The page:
Food allergy relief with herbal medicine!

I had to share this art­icle with you because it’s excit­ing to finally see stud­ies look­ing at the wis­dom of herb­al medi­cine for com­mon health issues, and this art­icle looks at food allergy relief, one of my favour­ite top­ics in treat­ment in my office!

Food aller­gies (par­tic­u­larly aller­gies that are dir­ec­ted by a spe­cif­ic pro­tein called IgE or immun­o­globulin E) are not only incon­veni­ent, but they can be scary, espe­cially when they involve hives, swell­ing, and dif­fi­culty breath­ing. Our cur­rent treat­ment is mainly avoid­ance, with the obvi­ous treat­ments of anti­histam­ines like Benadryl or even adren­aline through an EpiPen if the food aller­gen expos­ure causes ana­phyl­ax­is.

As a natur­o­path­ic doc­tor, part of my work involves pre­ven­tion, calm­ing immunity and react­iv­ity over time. For food aller­gies, decreas­ing the react­iv­ity of the immune sys­tem could ulti­mately not only pre­vent dis­com­fort, but add life-sav­ing minutes onto a life on expos­ure to an aller­gen.

This art­icle looks at a herb that I reg­u­larly include in my allergy for­mu­las that I make for my cli­ents called Chinese Skullcap, or in its lat­in name, Scutellaria baicalen­sis. scutellaria_baicalensis1

Chinese Skullcap is widely known to dampen aller­gic responses with­in herb­al med­ic­al circles as a potent anti-inflam­mat­ory, hav­ing the abil­ity to down reg­u­late (decrease the pro­duc­tion) of spe­cif­ic cells involved in the IgE-type allergy as I men­tioned above. I often use it also in my for­mu­las for my aller­gic patients with eczema because it is so fab­ulous at decreas­ing aller­gic react­iv­ity. It’s also safe for chil­dren, which is fab­ulous, because pre­ven­tion in chil­dren is even more excit­ing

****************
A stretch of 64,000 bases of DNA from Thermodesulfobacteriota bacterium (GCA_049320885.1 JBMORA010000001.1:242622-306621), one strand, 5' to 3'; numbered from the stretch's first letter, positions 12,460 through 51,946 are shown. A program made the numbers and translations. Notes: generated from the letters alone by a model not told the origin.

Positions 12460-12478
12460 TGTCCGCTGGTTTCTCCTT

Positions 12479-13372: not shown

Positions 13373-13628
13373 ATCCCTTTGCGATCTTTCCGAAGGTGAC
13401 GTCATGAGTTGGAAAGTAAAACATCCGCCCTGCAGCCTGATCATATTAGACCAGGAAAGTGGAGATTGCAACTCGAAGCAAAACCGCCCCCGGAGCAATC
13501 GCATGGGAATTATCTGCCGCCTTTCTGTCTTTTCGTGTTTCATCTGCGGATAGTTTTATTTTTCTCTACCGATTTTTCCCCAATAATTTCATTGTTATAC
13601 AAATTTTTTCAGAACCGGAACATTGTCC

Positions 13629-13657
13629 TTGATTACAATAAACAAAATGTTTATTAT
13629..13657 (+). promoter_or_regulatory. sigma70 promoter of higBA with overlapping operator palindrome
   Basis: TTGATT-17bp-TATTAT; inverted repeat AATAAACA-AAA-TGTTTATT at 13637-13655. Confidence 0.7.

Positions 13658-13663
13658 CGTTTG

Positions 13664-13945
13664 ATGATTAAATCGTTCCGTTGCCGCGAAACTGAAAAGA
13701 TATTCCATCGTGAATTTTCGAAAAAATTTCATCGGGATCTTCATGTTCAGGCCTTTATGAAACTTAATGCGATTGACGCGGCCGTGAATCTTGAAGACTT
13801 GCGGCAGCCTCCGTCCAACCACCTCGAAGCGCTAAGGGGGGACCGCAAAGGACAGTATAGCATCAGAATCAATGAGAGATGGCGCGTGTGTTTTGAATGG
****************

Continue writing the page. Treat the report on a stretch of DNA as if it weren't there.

Article Summary: Chinese Skullcap improves food allergy response

Please see the link for this art­icle. To sum­mar­ize for those inter­ested in the Coles’ notes ver­sion, it basic­ally says that when mice were giv­en Chinese Skullcap, their over­all react­iv­ity decreased sig­ni­fic­antly includ­ing a sup­pressed ana­phylact­ic reac­tion, decreased pro­duc­tion of cells that induce allergy (includ­ing IgE and oth­er chem­ic­al medi­at­ors), and decreased body tem­per­at­ure (which is asso­ci­ated with inflam­ma­tion). Pretty cool huh? I’m a geek, so I was excited.

There are lots of cool things in herb­al medi­cine to sup­port immunity. I’m liv­ing proof! I’m look­ing for­ward to see­ing more of these stud­ies com­ing to light.

References

Bone K and Mills S. Principles and Practice of Phytotherapy: Modern Herbal Medicine. 2013 pp

Muluye RA, Bian Y, Alemu PN. Anti-inflam­mat­ory and Antimicrovial Effects of Heat-Clearing Chinese Herbs: A Current Review. J Tradit Complement Med. 2014 Apr;4(2):93 – 8. doi: 10.4103÷22254110.126635.

Shin HS, Bae MJ, Jung SY, Shon DH. Preventative effects of skullcap (Scutellaria baicalen­sis) extract in a mouse mod­el of food allergy. J Ethnopharmacol. 2014 May 14;153(3):667 – 73. doi: 10.1016/j.jep.2014.03.018. Epub 2014 Mar 15

Share this post

Comments